Ystad Art Museum was inaugurated in connection with the major Leisure Exhibition in 1936. It became the town’s largest cultural centre and housed at that time not only art, but also a dragoon museum, weapon collection, library and tourist office. Today, the building is home for a museum of art whose activities attract both regional and international attention. The tourist office is also still there.
Over the building’s main entrance hangs Åke Jönsson’s bronze relief in a harmonic interplay with the facade’s Nordic classicism. Perhaps the artist took inspiration from depictions of chariots in art history, but instead of weapons he filled it with music, literature and other fine arts. Ystad Art Museum, like so much else in the town’s cultural life, came into being due to voluntary efforts. Ystad Art Association still plays a role in the art museum’s activities. At the time of the building’s inauguration, the then newly formed association already had plans for ornamenting the facade, but due to a lack of funds the plans were delayed until the late 1950s. Åke Jönsson was then assigned to present a proposal for the facade relief, which was unveiled in 1960.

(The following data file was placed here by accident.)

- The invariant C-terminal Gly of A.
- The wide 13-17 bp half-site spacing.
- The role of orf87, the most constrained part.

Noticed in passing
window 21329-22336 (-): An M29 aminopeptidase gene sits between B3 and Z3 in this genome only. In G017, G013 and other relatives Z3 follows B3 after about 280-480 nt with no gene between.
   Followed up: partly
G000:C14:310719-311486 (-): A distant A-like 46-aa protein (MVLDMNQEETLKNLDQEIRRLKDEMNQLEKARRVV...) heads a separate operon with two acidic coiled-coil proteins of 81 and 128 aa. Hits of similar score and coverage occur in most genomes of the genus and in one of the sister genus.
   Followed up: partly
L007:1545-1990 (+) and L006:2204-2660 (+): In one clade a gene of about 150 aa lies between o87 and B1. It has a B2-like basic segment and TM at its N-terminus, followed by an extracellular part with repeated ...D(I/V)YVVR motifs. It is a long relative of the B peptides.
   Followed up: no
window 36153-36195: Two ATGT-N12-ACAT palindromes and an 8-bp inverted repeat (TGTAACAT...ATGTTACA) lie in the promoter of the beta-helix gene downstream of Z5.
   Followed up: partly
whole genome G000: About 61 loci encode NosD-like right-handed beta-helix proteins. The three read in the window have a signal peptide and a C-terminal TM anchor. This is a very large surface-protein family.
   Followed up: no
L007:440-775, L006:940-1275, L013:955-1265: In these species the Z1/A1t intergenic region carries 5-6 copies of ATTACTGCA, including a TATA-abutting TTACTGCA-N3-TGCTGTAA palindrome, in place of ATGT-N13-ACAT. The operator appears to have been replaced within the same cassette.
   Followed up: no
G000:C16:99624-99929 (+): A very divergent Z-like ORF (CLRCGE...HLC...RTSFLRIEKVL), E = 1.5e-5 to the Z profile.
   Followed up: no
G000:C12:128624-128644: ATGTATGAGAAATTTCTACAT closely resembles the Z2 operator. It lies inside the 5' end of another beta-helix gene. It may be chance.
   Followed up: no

Åke Jönsson grew up in simple conditions in a farming environment in Osby, in north-east Skåne. In 1941, his great interest in art took him to the School of Applied Arts in Stockholm, the forerunner of Konstfack – the University of Arts, Crafts and Design. He began to focus on sculpture at an early stage. Between 1953 and 1961, he was a teacher at Valand in Gothenburg. His work can be seen at places such as the Gothenburg Museum of Art, Nationalmuseum and Moderna Museet in Stockholm.
Another of his works – Fölet (The Foal) – can be seen in Ystad, on Stora Östergatan.